Sunday, June 8, 2008

Dinghy Drama in Fakarava

Hello to all,

Yesterday was an interesting day...and started out as one of those 'interesting times'. It had been blowing 15-20 knots out of the NW all night and the boat seemed to be bouncing round a little more than usual at anchor so I got up to check on the anchor snubbers and look for chafe,etc. Skipper paranoia occurs most often anchored on a lee shore with a building wind. I went forward with a big flashlight and everything was fine. I went aft to look at the dinghy and it was gone! It's hard to over stress the importance of the dink to a cruising sailor. It's your car at the trailhead after a long hike, it's your horse out on the great plains 150 years ago, etc, etc. There aren't any marinas or even docks to tie up to on shore and there aren't any replacements available. People who steal dinks are hung from the masthead if caught, which they never are...In this case theft was the last thing I was worried about. I'm sure you could leave your dinghy, or anything else, lying around on Fakarava for weeks and all that would happen is that someone would cover it up from the rain and secure it from blowing away. Very nice folks here. What I could not recall was how I had secured the little beast after Janet and I got back the evening before. We kind of rushed into the boat and I'm sure now I did not secure it as usual, which is with a round turn and multiple half hitches around a stanchion. (if you don't know knots, use lots) Since the wind was onshore I was pretty sure the dink had been blown ashore somewhere(but where)and that it would suffer considerably from wave action and coral. It looked bad. Come first light I started glassing the coast and another boat (there were five, all Americans, in the anchorage) offered to run me around in his dinghy and search the shore. But, low and behold, it looked like a gray Achilles dink with a black motor was hauled up on a beach a little south of us! As it got lighter it looked certain so I swam the few hundred yards to shore and there was our beautiful dink, in good condition, hauled up on a nice little beach beside a fisherman's house and tied to a tree. The engine started and we had a dinghy again, yea! We went back at a decent hour, gave them a bottle of wine and thanked them and had a good laugh. They had seen it bouncing around on their reef and brought it in. Like I said, these are very nice people. And we were very lucky.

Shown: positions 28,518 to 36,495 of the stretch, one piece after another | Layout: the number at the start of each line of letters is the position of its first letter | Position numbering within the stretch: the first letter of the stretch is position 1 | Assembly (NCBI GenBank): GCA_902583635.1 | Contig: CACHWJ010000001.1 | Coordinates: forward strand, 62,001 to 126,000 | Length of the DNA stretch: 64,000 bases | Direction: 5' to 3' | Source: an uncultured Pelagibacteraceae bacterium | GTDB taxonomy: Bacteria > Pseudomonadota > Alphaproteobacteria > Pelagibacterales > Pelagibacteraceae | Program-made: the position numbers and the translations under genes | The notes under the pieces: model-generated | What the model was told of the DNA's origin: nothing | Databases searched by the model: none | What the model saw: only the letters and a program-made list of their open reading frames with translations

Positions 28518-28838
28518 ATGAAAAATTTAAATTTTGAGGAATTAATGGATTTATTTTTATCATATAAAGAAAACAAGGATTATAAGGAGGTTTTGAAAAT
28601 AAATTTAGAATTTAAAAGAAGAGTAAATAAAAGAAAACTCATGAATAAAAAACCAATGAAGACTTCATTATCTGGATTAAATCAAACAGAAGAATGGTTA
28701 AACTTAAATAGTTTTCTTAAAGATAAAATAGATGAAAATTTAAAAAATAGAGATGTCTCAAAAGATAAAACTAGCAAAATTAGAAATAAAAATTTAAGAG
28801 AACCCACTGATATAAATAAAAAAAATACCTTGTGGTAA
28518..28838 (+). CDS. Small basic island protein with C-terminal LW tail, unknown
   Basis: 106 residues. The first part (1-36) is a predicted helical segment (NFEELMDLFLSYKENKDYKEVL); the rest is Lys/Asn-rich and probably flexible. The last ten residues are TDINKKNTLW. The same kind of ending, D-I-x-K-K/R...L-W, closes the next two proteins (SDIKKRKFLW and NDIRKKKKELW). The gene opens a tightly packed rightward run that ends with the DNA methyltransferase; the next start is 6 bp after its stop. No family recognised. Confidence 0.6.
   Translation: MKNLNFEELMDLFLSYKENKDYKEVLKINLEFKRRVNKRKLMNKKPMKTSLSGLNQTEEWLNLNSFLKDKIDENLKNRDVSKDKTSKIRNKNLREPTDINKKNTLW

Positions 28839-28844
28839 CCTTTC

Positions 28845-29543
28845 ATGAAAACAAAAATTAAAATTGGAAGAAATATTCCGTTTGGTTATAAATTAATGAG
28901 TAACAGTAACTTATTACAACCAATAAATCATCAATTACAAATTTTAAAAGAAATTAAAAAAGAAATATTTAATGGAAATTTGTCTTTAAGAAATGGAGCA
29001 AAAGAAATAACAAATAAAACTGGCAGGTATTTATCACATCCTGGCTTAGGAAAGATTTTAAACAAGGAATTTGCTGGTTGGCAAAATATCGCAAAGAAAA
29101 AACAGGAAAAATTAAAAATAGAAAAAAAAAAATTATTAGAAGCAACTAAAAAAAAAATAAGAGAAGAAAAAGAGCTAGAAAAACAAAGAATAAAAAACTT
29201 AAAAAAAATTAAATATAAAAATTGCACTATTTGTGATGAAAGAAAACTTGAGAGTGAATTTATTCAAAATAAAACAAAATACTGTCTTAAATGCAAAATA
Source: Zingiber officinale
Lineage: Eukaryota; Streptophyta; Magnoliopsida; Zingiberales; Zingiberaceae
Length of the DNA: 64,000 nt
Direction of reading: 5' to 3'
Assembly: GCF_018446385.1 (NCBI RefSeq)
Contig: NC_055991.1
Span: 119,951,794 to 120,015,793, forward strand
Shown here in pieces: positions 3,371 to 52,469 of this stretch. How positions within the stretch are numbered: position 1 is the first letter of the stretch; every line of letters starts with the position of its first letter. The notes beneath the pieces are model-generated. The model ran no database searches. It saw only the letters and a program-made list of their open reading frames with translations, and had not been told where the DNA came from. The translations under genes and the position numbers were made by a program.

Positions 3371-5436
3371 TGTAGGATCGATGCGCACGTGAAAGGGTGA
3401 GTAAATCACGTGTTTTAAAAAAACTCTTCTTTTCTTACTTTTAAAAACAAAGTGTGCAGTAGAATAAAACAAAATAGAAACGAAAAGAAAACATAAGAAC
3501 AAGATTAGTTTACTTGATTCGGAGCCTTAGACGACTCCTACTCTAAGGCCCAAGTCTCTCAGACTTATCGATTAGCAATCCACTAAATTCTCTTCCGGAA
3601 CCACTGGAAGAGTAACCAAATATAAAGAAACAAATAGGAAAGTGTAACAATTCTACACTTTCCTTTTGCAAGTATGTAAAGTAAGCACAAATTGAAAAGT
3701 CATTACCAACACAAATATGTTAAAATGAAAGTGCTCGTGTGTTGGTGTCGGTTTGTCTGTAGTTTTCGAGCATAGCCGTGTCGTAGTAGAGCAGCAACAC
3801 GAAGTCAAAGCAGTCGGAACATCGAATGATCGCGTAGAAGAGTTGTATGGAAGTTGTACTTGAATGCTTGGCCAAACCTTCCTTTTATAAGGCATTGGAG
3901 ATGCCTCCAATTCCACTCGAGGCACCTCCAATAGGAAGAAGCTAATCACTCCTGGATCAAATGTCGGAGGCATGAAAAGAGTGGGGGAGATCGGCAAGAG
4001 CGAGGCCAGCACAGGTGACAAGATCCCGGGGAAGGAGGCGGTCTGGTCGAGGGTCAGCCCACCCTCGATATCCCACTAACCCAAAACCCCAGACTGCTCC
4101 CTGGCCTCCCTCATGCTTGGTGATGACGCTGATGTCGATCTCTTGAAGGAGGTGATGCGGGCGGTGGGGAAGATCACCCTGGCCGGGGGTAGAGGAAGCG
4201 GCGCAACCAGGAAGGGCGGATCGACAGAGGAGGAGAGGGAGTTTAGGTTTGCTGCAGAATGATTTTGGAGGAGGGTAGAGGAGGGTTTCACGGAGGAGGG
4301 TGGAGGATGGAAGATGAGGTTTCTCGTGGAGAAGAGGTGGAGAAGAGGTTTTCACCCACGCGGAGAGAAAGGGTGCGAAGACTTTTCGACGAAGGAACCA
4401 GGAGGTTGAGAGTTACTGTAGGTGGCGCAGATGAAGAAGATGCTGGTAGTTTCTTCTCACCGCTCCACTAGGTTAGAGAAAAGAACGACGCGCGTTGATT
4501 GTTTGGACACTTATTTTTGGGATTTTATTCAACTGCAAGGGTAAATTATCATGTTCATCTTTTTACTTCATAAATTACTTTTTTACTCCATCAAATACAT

We got Ken and his gear on a ride to the airport (Fakarava Intergalactic) and he was off. He had injured his back ashore the day before and could barely move so we had got him a pension for the night. Ken has been a very good guy and good company and now he's headed over to Tahiti and Bora Bora to vacation a little with his wife before returning to the real world. Thanks Ken!

So we hauled anchor and moved about fifteen miles down the inside of the lagoon where we just spent the night. An empty beach with palm trees, one old shack back amongst the palms, no boats, no people, very nice. We'll move a little south again today. Life is good.

Love to all,
Bill And Janet

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